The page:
Cardiopulmonary MedicineReview Article

Heart Failure With Preserved Ejection Fraction

Felix J. Rogers, DO; Teja Gundala, MD; Jahir E. Ramos, DO; and Asif Serajian, DO
Notes and Affiliations
Notes and Affiliations

Received: November 7, 2014

Accepted: January 7, 2014

Published: July 1, 2015

J Osteopath Med; 115(7): 432-442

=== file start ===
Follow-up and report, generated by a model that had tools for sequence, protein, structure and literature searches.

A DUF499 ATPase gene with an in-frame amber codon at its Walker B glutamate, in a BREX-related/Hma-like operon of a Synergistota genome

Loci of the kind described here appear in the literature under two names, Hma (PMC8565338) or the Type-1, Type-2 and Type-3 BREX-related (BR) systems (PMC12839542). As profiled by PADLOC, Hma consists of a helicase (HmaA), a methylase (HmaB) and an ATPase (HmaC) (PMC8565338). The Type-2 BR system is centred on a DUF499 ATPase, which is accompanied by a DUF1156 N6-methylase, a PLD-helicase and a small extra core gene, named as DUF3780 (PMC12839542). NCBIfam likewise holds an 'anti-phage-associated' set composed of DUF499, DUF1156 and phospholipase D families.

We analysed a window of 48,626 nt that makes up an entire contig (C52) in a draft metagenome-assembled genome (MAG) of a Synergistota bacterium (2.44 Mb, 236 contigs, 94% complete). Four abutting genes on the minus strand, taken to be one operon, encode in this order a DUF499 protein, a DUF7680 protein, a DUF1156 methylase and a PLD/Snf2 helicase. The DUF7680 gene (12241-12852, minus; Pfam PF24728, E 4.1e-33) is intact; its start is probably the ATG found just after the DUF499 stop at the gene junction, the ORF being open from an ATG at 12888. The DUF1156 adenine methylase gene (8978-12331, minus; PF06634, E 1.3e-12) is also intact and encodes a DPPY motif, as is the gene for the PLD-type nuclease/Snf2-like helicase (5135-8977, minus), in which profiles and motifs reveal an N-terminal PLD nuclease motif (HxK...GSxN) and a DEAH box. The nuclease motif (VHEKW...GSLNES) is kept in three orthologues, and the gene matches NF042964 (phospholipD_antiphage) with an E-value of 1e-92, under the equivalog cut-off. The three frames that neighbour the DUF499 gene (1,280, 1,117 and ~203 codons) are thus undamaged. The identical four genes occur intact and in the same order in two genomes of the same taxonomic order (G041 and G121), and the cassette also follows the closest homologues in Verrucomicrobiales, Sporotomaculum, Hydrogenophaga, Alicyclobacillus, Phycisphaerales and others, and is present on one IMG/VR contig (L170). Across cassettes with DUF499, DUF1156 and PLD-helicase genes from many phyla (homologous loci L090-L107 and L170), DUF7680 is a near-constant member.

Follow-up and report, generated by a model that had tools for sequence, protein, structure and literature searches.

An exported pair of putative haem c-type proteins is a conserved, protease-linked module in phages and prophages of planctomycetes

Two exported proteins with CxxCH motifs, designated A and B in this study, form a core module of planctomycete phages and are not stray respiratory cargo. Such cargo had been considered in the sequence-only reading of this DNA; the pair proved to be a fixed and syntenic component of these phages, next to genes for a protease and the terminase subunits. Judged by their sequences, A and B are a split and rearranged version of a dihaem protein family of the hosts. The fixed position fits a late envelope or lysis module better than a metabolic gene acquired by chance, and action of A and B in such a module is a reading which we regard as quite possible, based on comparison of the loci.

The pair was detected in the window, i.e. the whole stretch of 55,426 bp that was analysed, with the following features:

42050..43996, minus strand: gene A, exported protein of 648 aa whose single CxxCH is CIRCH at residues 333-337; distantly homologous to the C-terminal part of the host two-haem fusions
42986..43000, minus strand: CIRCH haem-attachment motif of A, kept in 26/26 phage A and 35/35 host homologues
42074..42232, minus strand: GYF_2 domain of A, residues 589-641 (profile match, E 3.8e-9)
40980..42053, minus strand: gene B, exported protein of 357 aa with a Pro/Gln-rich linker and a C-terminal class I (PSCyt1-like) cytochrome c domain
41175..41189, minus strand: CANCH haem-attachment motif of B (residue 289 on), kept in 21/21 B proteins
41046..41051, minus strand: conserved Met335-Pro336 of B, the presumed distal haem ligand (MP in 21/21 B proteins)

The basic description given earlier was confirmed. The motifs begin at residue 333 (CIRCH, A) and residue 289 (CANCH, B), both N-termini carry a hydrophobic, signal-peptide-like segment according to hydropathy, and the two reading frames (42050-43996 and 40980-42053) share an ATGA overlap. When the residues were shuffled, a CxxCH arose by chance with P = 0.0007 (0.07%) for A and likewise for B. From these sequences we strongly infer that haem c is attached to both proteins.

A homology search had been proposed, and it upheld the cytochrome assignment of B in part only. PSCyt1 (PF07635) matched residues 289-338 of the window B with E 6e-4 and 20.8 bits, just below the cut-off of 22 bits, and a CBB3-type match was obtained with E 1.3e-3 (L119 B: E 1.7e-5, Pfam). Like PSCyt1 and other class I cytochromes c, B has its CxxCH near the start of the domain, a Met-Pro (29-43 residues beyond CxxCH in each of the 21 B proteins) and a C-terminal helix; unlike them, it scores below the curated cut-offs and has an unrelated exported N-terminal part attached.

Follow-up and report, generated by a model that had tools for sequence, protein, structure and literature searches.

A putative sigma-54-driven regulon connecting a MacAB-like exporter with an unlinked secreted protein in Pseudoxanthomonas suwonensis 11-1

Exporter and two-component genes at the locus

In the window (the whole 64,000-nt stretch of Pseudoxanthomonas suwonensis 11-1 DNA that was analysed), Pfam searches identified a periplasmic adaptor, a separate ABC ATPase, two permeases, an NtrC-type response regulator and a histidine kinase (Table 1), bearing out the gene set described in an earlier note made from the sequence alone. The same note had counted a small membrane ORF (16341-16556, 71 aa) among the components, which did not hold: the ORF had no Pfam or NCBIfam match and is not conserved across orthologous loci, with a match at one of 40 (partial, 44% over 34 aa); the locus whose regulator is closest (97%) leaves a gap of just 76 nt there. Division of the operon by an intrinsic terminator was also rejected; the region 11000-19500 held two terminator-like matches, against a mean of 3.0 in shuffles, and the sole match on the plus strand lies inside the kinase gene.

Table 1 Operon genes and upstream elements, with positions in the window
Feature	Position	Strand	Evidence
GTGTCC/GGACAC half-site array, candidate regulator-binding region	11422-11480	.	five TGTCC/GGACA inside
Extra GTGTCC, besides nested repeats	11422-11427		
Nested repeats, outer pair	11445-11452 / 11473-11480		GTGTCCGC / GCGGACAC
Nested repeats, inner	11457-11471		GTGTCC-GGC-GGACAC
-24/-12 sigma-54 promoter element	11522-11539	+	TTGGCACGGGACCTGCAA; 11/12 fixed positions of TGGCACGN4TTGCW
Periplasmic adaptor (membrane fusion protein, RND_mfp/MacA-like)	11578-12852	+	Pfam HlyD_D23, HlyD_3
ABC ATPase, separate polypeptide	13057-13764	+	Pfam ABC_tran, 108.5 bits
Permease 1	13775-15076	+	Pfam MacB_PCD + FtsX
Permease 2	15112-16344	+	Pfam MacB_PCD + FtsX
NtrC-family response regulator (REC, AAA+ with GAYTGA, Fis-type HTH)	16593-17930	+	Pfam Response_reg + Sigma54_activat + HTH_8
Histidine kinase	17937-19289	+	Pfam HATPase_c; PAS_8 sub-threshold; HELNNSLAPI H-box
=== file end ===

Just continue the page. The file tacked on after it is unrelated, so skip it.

Heart failure with preserved ejection fraction (HFpEF) is a complex clinical condition. Initially called diastolic heart failure, it soon became clear that this condition is more than the opposite side of systolic heart failure. It is increasingly prevalent and lethal. Currently, HFpEF represents more than 50% of heart failure cases and shares a 90-day mortality and readmission rate similar to heart failure with reduced ejection fraction. Heart failure with preserved ejection fraction is best considered to be a systemic disease. From a cardiovascular standpoint, it is not just a stiff ventricle. A stiff ventricle combined with a stiff arterial and venous system account for the clinical manifestations of flash pulmonary edema and the marked changes in renal function or systemic blood pressure with minor changes in fluid volume status. No effective pharmacologic treatments are available for patients with HFpEF, but an approach to the musculoskeletal system has merit: the functional limitations and exercise intolerance that patients experience are largely due to abnormalities of peripheral vascular function and skeletal muscle dysfunction. Regular exercise training has strong objective evidence to support its use to improve quality of life and functional capacity for patients with HFpEF. This clinical review summarizes the current evidence on the pathophysiologic aspects, diagnosis, and management of HFpEF.

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